Ballet Stars

ABT's James Whiteside Shares Some of His Favorite Pieces From His Always-Evolving Wardrobe

Kyle Froman for Pointe

When it comes to style, James Whiteside likes to push the limits. “Conforming isn't really my thing," says the American Ballet Theatre principal. He chooses pieces that express his personality, while always leaving room to experiment with new ideas. “I haven't really married myself to one aesthetic, and that gives me a lot of options," he says. “One day I'll be preppy, next day I'll be super-urban, then I can be all tattered and '50s. I like to keep an open mind." In the studio, he sports knits and crop tops, and dyes his hair funky colors when the repertoire allows. It works well for ballets like The Sleeping Beauty (in which he wears a wig) or contemporary work. “But if I'm playing Romeo, this wouldn't make sense," he says. Whiteside is influenced by everything from Japanese anime to '90s boy bands to New York City itself, a place he's always wanted to live. “It's so inspiring walking around the city," he says. “Some people are just killing it. Anybody can buy fashion, but having style is a completely different thing."

Kyle From for Pointe


The Details—Street

Marc Jacobs jacket and bag: “Marc Jacobs is the brand I have the most items of. I'm a huge fan. It's classy and sort of irreverent, and it just looks good."
Sandro turtleneck: “This is from a Parisian fashion house and I really like their stuff. It's feminine and butch all at once."
Club Monaco pants: “I call these my Bing Crosby pants. They're a really retro fit—wide hips and high waist, pleats, slightly cropped. It's a shape I really appreciate."

Kyle Froman for Pointe

The Details—Studio

Crop top: “I adore crop tops for ballet, I think it's hysterical. And I get so sweaty that it's nice to have a little bit of extra air."
Yumiko shorts: “I like to wear light-colored clothes for ballet."
Bubenicek booties: “These booties are amazing. The name of the color is Avatar, like the movie."

The Conversation
Ballet Stars
Angela Sterling, Courtesy PNB

Your teacher at Central Pennsylvania Youth Ballet, Marcia Dale Weary, recently passed away. What impact did she have on you?

I feel deeply indebted to her. She shaped my life's course, and I know that were it not for her, I would not be living out my dream today. She led by example through her remarkable commitment to her work, as well as her genuine kindness and generosity.

You were a trainee with San Francisco Ballet. What was that experience like?

It was an exposure to different schools of thought. We were mostly in the full-lengths, and watching run-throughs of Sleeping Beauty and Don Quixote was revolutionary for me. But I was young and far away from home. That transition was hard. My body started changing. It wanted to be fleshy. Biology is cruel in that way. I desperately wanted to fit in, but it wasn't meant to be.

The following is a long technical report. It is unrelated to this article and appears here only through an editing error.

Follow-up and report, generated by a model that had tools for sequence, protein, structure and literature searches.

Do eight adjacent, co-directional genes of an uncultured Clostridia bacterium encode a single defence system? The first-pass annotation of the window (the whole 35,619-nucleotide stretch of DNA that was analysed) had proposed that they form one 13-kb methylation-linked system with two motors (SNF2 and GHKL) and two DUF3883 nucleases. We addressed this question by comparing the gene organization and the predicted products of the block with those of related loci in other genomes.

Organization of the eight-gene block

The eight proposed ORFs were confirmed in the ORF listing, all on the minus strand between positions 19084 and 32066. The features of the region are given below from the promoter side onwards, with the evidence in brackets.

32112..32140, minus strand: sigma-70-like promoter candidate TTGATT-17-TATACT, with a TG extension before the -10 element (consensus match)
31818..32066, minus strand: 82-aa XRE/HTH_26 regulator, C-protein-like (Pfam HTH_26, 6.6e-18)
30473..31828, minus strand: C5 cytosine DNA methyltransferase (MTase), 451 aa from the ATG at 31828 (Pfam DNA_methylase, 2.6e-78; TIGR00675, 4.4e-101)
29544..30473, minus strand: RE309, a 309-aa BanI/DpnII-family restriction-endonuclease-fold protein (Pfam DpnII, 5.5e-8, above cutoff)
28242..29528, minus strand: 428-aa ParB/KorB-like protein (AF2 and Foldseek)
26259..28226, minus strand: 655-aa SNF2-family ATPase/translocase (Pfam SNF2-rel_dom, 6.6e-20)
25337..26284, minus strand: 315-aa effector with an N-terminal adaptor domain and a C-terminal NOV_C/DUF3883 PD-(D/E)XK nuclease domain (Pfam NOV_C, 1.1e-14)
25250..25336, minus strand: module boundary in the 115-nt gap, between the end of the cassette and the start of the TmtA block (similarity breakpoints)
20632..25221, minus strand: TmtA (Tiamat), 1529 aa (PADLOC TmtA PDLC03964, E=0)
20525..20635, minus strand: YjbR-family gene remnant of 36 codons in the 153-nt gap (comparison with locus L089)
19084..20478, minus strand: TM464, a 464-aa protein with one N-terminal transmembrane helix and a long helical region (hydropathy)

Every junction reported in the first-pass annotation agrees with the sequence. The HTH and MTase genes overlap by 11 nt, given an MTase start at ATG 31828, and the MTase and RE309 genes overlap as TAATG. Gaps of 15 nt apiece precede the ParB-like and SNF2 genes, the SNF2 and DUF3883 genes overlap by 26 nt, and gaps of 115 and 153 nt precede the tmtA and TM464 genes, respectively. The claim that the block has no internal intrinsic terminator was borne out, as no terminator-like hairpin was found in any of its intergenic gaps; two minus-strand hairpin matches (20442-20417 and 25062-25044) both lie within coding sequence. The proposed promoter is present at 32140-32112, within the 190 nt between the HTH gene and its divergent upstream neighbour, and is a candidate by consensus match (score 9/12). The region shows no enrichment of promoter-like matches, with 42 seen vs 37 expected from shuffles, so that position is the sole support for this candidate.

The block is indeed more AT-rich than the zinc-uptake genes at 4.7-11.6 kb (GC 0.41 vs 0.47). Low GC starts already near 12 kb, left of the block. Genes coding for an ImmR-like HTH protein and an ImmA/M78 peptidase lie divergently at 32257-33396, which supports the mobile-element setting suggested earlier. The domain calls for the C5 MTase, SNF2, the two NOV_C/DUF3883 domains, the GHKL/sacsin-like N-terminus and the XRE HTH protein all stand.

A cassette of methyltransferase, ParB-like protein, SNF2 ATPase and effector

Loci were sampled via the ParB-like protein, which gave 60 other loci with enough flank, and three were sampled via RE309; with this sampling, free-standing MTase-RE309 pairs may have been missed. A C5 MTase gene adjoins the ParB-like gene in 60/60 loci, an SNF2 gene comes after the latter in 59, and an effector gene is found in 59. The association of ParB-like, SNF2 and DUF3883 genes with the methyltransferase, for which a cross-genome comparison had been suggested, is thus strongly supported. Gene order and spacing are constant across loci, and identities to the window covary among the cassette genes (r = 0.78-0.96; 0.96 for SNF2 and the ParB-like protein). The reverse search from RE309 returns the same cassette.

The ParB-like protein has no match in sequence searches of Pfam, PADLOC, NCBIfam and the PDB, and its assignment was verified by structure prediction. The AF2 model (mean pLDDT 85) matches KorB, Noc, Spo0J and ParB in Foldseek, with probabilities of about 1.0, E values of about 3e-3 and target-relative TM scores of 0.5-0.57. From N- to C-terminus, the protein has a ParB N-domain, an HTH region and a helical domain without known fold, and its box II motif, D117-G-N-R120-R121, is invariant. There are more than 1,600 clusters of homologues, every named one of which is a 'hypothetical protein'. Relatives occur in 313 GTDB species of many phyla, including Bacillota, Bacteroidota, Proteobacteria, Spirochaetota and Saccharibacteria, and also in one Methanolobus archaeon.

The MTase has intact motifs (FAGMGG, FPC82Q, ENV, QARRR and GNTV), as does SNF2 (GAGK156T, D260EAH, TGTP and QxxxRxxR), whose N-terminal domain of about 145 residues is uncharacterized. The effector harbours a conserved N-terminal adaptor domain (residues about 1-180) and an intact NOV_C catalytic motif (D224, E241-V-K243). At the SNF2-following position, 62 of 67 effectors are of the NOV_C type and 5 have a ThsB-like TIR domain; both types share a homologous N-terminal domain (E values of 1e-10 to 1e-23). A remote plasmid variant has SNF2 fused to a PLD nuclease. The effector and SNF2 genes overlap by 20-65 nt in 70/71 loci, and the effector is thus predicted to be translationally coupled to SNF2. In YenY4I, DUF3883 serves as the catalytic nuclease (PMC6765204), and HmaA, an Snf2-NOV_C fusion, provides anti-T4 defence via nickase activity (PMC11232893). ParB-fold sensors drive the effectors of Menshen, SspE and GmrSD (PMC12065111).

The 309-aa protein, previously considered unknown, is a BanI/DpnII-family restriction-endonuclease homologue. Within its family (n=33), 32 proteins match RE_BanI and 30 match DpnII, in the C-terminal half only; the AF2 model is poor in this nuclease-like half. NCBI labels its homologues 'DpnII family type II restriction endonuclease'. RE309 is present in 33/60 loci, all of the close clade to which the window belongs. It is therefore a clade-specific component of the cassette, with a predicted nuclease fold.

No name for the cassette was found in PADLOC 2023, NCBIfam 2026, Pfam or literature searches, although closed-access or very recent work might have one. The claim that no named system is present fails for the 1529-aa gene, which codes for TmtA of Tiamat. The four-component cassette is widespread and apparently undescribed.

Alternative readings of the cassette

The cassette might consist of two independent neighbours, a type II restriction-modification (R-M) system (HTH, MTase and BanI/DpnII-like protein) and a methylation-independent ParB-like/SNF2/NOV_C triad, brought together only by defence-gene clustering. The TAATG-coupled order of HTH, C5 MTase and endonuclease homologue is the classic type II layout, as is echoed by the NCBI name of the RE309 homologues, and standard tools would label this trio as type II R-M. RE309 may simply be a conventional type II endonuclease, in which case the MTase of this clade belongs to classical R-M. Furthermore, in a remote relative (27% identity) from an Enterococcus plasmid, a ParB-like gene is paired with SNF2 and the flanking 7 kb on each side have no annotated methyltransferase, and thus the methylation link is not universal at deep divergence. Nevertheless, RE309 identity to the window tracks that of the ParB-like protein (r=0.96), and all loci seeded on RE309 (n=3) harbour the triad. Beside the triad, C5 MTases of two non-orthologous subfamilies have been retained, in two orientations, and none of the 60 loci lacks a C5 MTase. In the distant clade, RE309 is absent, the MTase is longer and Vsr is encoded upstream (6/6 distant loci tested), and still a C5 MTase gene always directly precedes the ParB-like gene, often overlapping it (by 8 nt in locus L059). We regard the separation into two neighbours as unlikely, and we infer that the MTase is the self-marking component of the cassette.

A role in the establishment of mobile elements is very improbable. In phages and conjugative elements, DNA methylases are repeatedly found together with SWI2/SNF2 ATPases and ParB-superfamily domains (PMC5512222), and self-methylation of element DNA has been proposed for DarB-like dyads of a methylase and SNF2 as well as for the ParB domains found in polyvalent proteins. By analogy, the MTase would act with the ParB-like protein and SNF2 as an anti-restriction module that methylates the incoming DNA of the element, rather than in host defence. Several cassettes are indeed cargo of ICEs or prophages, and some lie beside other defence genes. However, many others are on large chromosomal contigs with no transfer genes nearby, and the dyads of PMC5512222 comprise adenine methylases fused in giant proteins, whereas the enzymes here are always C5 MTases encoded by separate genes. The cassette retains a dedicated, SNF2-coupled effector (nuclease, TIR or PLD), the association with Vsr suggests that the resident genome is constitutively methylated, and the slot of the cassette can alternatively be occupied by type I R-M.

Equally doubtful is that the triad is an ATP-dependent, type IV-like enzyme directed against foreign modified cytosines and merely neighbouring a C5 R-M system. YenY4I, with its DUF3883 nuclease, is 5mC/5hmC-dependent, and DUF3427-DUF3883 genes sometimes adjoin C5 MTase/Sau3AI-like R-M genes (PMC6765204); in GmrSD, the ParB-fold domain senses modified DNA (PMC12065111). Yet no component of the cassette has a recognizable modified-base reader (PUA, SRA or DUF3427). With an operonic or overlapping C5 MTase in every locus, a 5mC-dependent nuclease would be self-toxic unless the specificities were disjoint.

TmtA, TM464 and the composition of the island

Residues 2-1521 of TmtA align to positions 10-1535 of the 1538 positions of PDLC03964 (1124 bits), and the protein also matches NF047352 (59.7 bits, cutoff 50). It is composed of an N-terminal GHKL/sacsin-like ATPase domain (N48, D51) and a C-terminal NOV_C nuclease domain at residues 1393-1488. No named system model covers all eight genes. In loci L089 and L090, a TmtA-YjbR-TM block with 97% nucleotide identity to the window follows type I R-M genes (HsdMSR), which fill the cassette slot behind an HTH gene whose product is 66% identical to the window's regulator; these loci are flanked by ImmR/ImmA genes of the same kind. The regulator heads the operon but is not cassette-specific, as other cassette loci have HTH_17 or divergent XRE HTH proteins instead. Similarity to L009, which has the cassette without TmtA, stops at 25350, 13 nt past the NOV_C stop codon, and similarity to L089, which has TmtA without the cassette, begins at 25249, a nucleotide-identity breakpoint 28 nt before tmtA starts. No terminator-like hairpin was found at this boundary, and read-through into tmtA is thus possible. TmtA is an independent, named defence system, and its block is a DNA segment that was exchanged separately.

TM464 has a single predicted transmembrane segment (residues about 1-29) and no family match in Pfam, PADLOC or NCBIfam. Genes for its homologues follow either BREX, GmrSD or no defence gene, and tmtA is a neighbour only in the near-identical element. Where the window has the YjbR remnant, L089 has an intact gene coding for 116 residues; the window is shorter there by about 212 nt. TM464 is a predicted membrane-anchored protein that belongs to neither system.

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The Royal Ballet's Vadim Muntagirov and Marianela Nuñez in La Bayadère. Photo by Bill Cooper, Courtesy ROH.

Do you ever wish you could teleport to London and casually stroll into The Royal Opera House to see some of the world's best-loved ballets? Well, we have a solution for you: The Royal Ballet's 2018-19 cinema season.

Whether live or recorded, the seven ballet programs listed below, streaming now through next October, will deliver all of the magic that The Royal Ballet has to offer straight to your local movie theater. Can you smell the popcorn already?

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Site Network
Left: Misa Kuranaga in The Veritginous Thrill of Exactitude. Gene Schiavone, Courtesy Boston Ballet. Right: Sasha Mukhamedov in Apollo. Altin Kaftira, Courtesy Dutch National Ballet.

San Francisco Ballet just announced some major news: longtime Boston Ballet star Misa Kuranaga will be joining the company as a principal dancer for the 2019-20 season, while Dutch National Ballet principal Sasha Mukhamedov has been hired as a soloist. They join a slew of newly promoted SFB principals and soloists, announced earlier this year.

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Ballet Stars
Xiao Nan Yu in company class. Aaron Vincent, Courtesy National Ballet of Canada.

On June 22, National Ballet of Canada principal Xiao Nan Yu will retire from the stage after 22 years with the company. Originally from Dalian, China, Yu studied at the Shen Yang School of Dance and the Beijing Dance Academy before coming to Canada's National Ballet School at age 17. She joined the National Ballet of Canada less than two years later, and was promoted to principal in 2001.

"She is a supreme dance actress with an innate ability to bring the audience into her world," says NBoC artistic director Karen Kain. "Nan has always brought such a calm confidence into the studio and has been a role model for so many dancers I will miss her generosity both inside the studio and out." We spoke with Yu as she prepared for her final week of performances. She opened up about her initial culture shock upon moving to Toronto, her thoughts on artistry and why she chose Hanna Glawari in The Merry Widow as her final role.

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